chill

1 of 3

noun

1
a
: a sensation of cold accompanied by shivering (as due to illness)
He had caught a chill that night, and was now down with a fever.Wilkie Collins
usually plural
If you have a cough, fever and chills and are not breathing as easily as usual, you might have a cold or the flu.Linda Searing
Over the next few days, my body followed up with a series of messages: you have a sore throat; you have a fever; you have the chills.John Herrman
b
: an intense shivery sensation : shiver, shudder
especially : one caused by a strong emotion (such as fear)
Do you like a good scare? The sort of story, or moment, that sends a chill down your spine and makes the hair on your arms stand up like porcupine quills? Katherine Scott Crawford
often plural
a song so beautiful it gives me chills
… this is where [Stephen] King shines, creating those aforementioned creepy scenes that gave me the chills. Katherine Whitt
c
: a disagreeable sensation of coldness
When you venture outside on a cold day, chances are you feel the biggest chill in your fingers.Tamekia Reece
2
: a moderate but disagreeable degree of cold
a chill in the air
3
: a check to enthusiasm or warmth of feeling
And a chill fell over the service as mourners … carried a casket draped in white to the altar.Katherine Creag and Jennifer Millman

chill

2 of 3

adjective

sometimes chiller; sometimes chillest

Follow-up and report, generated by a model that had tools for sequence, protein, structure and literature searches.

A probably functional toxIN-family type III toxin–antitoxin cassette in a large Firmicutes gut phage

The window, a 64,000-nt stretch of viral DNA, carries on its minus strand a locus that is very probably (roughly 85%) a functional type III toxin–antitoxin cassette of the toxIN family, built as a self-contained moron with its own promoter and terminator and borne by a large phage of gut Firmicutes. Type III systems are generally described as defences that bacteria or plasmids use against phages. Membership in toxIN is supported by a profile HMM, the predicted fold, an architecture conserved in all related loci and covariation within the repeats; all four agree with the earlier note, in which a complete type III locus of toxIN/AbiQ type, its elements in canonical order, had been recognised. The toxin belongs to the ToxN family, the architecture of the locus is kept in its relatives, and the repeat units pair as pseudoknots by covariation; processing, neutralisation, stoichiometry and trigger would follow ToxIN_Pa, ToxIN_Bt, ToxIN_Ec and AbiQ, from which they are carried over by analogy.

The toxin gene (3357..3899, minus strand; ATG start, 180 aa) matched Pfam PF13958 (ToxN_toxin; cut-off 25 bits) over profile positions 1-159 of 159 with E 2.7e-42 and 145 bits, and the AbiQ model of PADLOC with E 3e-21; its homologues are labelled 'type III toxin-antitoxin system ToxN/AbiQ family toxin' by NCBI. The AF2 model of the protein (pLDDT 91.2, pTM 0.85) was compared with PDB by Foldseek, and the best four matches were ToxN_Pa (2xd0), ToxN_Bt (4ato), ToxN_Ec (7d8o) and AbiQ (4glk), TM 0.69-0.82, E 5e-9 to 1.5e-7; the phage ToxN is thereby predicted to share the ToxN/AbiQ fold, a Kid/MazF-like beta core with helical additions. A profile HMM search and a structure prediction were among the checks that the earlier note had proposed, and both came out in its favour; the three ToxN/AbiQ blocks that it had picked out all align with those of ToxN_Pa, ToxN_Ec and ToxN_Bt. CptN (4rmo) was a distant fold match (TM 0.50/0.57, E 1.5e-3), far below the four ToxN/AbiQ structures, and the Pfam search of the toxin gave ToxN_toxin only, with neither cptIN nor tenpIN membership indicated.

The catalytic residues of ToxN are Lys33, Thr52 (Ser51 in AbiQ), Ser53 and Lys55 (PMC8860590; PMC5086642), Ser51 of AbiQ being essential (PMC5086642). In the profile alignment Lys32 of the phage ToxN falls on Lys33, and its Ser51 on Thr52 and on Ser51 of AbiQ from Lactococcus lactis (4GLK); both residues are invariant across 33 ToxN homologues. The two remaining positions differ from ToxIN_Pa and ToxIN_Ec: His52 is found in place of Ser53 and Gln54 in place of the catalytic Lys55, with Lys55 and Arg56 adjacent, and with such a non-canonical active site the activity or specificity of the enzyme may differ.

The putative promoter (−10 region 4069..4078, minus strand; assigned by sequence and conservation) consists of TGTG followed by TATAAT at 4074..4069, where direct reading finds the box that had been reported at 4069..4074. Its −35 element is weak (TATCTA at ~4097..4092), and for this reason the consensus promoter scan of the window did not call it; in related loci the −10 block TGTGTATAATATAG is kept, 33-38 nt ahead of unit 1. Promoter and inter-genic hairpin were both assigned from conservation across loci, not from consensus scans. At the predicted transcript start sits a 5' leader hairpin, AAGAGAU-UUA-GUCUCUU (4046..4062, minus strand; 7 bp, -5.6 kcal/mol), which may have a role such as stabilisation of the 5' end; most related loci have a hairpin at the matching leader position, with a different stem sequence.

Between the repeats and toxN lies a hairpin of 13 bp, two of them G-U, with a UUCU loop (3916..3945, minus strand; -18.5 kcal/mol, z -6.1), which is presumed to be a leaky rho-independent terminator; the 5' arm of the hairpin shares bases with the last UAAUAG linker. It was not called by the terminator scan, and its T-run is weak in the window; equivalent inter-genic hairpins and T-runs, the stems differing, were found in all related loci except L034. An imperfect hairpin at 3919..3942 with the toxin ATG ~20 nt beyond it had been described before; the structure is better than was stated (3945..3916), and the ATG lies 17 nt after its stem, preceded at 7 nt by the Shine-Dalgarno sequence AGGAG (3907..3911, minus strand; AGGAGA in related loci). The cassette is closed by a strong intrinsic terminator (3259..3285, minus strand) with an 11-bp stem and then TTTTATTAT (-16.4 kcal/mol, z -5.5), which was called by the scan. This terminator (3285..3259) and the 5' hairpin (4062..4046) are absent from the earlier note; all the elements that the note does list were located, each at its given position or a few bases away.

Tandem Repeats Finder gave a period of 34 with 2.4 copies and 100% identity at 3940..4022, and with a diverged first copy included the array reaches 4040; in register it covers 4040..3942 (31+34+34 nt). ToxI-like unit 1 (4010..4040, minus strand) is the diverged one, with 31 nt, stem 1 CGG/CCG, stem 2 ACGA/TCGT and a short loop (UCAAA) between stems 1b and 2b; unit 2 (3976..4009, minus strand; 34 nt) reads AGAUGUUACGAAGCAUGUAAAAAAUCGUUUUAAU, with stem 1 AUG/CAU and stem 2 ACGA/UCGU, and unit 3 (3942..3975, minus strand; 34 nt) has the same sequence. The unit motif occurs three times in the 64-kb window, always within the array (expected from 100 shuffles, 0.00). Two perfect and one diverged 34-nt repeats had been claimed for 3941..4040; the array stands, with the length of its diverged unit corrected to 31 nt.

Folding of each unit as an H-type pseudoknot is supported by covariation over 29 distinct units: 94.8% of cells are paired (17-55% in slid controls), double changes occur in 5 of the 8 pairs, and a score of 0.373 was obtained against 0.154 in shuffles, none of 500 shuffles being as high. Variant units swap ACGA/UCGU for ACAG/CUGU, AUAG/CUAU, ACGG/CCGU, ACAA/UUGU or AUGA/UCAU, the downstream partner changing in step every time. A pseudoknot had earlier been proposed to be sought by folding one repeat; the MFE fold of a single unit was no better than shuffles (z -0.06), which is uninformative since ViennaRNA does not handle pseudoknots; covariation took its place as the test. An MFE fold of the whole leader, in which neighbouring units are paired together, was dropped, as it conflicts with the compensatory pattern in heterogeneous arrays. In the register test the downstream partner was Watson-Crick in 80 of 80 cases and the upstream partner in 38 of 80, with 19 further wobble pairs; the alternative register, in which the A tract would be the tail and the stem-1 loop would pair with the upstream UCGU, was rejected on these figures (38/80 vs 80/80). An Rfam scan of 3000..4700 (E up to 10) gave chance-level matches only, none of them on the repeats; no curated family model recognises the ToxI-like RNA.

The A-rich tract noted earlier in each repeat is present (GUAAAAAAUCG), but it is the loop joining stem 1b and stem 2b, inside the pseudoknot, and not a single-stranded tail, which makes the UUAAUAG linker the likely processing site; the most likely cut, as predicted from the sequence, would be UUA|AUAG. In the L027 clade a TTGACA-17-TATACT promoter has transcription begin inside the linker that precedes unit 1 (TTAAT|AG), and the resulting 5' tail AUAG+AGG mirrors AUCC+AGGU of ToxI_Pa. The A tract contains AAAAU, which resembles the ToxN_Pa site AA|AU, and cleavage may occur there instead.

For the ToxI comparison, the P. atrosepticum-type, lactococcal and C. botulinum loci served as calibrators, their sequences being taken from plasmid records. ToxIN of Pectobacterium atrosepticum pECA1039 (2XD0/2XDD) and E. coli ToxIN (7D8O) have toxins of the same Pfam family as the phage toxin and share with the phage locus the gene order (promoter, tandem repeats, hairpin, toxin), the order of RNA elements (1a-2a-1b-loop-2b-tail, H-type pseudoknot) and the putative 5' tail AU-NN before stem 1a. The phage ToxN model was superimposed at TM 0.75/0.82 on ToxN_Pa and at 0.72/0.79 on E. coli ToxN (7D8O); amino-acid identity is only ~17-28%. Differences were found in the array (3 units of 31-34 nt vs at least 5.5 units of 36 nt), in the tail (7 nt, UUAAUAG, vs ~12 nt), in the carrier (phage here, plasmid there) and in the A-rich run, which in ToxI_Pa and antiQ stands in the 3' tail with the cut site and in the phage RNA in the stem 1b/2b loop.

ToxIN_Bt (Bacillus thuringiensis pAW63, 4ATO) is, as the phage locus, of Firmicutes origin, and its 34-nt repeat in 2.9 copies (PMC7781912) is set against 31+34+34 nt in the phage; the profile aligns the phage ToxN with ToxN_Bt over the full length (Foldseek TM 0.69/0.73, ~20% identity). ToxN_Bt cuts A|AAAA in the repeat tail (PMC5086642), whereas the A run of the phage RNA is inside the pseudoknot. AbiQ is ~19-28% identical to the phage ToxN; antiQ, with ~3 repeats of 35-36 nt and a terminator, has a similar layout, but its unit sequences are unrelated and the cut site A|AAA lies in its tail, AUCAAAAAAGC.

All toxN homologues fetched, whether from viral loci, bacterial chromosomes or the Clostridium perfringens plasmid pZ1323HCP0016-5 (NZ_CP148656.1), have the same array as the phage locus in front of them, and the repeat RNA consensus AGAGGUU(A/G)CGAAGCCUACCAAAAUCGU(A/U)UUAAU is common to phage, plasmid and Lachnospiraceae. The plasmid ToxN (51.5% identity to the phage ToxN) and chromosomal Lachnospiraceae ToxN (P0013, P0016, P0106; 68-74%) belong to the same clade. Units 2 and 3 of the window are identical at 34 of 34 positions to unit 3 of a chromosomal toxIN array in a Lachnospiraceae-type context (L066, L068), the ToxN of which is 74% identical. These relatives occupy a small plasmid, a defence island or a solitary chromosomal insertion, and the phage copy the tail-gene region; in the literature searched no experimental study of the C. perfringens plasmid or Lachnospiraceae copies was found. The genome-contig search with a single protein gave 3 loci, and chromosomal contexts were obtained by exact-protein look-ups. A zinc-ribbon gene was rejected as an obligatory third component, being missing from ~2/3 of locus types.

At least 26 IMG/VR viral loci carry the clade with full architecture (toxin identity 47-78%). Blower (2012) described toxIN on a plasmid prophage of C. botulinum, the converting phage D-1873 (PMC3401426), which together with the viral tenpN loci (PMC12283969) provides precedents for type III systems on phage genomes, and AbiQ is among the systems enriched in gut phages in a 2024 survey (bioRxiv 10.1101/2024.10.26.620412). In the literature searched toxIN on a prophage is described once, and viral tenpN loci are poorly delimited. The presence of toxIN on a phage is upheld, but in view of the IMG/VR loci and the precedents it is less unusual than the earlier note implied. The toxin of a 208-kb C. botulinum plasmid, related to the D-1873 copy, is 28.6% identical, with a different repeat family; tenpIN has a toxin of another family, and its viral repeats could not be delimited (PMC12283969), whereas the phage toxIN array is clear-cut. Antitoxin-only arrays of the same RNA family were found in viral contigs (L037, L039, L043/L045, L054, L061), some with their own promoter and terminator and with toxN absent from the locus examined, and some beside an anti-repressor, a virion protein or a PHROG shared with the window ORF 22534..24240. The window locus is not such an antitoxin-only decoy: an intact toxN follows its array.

1
a
: moderately cold
b
: cold, raw
2
: affected by cold
chill travelers
3
: distant, formal
a chill reception
4
: depressing, dispiriting
chill penuryThomas Gray
5
informal : having a laid-back style or easy demeanor
She looked just like Joey Potter … Really young and super chill. No one was paying any attention. It was a laid-back situation.Emma Pearse
We're very casual. I love how at City Hall people come in everything from wedding gowns to jeans. It's so mellow and chill, just how we like it.Erin Burnett
chillness noun

chill

3 of 3

verb

chilled; chilling; chills

intransitive verb

1
a
: to become cold
b
: to shiver or quake with or as if with cold
2
: to become taken with a chill
3

transitive verb

1
a
: to make cold or chilly
chilled by a cold wind
b
: to make cool especially without freezing
chill the wine
2
: to affect as if with cold : dispirit

Examples of chill in a Sentence

Noun There was a chill in the autumn air. He closed the windows to keep out the chill. Her symptoms include chills and a fever. He caught a chill that turned into a bad cold. The novel's final scene gave him the chills. Her words sent chills down my spine. Adjective The chill weather kept us indoors. were met with a chill gaze when they arrived home late from the party Verb Chill the dessert for one hour before serving it. Let the dessert chill for one hour before serving it. Here's a ghost story that will chill you. Her screams chilled me to the bone. a horrible sight that chilled my bones He thinks his parents are way too uptight and says they should just chill. I decided to stay home and chill.
Recent Examples on the Web
Noun